New York Magazine

Skip to content, or skip to search.

Skip to content, or skip to search.

Family Recipe

Restaurateur Keith McNally -- the man behind Pastis and Balthazar -- uses a mix of Provençal flavors and American country spice to turn an 1841 townhouse into a thoroughly luxurious retreat.


McNally and his wife, Alina, in their living room. (Tour their home.)

Keith McNally's restaurants are known for their better-than-the-real-thing recreations of international scenes -- the Paris brasserie, the local bistro, the Moscow bar. But as it happens, they've never lived up to their creator's expectations: "I begin with the lofty idea of building the equivalent of a Shakespeare sonnet and halfway through realize it's just a Guns N' Roses lyric." His own newly completed renovation of a four-story 1841 Village townhouse -- conceived with and supervised by designer Ian McPheely -- was no different. "Nothing ever matches what I have in mind," he says. "That's why I'm so obsessed in the search for individual items. I believe if only that one small element were found, the Second Coming would occur." The elements in his house, however, are by no means small: beams from a New England barn, chandeliers he found in flea markets from Paris to Montpelier, bistro chairs from Soho, doors from Rhode Island. The theme here is country, both Continental and Connecticut, but grafted onto a surprisingly urban open layout. "The look and prominence of the kitchen gives an informality to the house," he says. "The last thing we wanted was the stiffness of a separate formal living room. I've an aversion to that kind of thing. It's like the precious cutlery that one reserves for special occasions."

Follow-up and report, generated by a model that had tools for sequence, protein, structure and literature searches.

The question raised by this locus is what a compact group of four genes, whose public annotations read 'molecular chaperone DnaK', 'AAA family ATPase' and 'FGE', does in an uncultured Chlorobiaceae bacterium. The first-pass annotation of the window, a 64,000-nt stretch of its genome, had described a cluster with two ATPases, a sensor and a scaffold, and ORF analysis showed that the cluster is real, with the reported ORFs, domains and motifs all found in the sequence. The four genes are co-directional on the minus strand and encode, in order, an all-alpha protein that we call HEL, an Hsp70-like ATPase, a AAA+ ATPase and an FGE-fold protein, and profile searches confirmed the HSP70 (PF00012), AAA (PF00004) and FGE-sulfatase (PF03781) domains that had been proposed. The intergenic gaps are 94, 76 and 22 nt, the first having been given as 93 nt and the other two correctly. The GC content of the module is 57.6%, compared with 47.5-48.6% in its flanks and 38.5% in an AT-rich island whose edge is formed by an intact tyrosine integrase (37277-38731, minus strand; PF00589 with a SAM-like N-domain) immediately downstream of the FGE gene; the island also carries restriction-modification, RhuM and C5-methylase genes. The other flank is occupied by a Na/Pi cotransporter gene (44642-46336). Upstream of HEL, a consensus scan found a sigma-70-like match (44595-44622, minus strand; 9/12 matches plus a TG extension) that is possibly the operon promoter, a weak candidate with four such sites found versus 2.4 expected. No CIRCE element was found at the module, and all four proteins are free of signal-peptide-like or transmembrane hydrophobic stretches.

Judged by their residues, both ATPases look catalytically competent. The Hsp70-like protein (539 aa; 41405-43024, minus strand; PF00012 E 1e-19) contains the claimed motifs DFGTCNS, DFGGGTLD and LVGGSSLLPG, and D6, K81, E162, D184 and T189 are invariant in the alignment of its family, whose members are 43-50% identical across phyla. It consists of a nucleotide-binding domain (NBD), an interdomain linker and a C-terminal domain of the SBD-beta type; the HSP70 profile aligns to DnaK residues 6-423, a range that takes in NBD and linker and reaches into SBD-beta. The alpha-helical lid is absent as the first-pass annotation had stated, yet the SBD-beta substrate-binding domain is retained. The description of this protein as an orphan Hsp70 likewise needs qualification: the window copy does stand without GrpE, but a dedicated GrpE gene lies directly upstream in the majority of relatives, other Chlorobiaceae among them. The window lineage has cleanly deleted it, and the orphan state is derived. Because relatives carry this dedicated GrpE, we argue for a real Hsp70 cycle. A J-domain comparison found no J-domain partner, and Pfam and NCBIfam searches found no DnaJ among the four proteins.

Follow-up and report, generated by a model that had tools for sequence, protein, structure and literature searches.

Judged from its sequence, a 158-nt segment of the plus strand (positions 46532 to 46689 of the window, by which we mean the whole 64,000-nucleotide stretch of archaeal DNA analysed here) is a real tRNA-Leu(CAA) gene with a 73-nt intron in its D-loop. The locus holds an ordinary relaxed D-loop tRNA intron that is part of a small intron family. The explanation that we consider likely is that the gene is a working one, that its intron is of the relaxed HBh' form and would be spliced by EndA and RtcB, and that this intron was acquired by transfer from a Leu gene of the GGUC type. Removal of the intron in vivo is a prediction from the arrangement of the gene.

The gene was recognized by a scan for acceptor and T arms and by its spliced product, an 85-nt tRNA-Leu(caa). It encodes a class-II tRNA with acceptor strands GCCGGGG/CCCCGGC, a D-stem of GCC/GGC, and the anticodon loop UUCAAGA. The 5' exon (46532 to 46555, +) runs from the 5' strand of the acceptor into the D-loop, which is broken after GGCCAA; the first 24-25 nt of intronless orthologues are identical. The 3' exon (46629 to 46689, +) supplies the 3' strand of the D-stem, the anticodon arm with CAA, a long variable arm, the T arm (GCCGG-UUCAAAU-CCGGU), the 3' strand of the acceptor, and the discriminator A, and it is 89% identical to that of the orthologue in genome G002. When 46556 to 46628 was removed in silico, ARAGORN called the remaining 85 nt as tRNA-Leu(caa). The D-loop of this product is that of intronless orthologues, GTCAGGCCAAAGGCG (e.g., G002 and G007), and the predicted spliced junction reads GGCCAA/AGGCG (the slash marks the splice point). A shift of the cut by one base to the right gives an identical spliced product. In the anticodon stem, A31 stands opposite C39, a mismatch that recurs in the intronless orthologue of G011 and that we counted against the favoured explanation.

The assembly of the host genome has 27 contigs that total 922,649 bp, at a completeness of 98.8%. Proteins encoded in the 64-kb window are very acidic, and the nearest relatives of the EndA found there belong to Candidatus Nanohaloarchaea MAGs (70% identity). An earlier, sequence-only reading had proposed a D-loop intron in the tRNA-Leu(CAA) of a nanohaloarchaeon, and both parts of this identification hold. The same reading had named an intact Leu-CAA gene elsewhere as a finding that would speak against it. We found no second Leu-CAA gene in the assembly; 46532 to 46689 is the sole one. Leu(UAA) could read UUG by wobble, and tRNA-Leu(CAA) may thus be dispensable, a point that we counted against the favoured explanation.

Photo Gallery! Tour Keith McNally's home >>>


Current Issue
Subscribe to New York

Give a Gift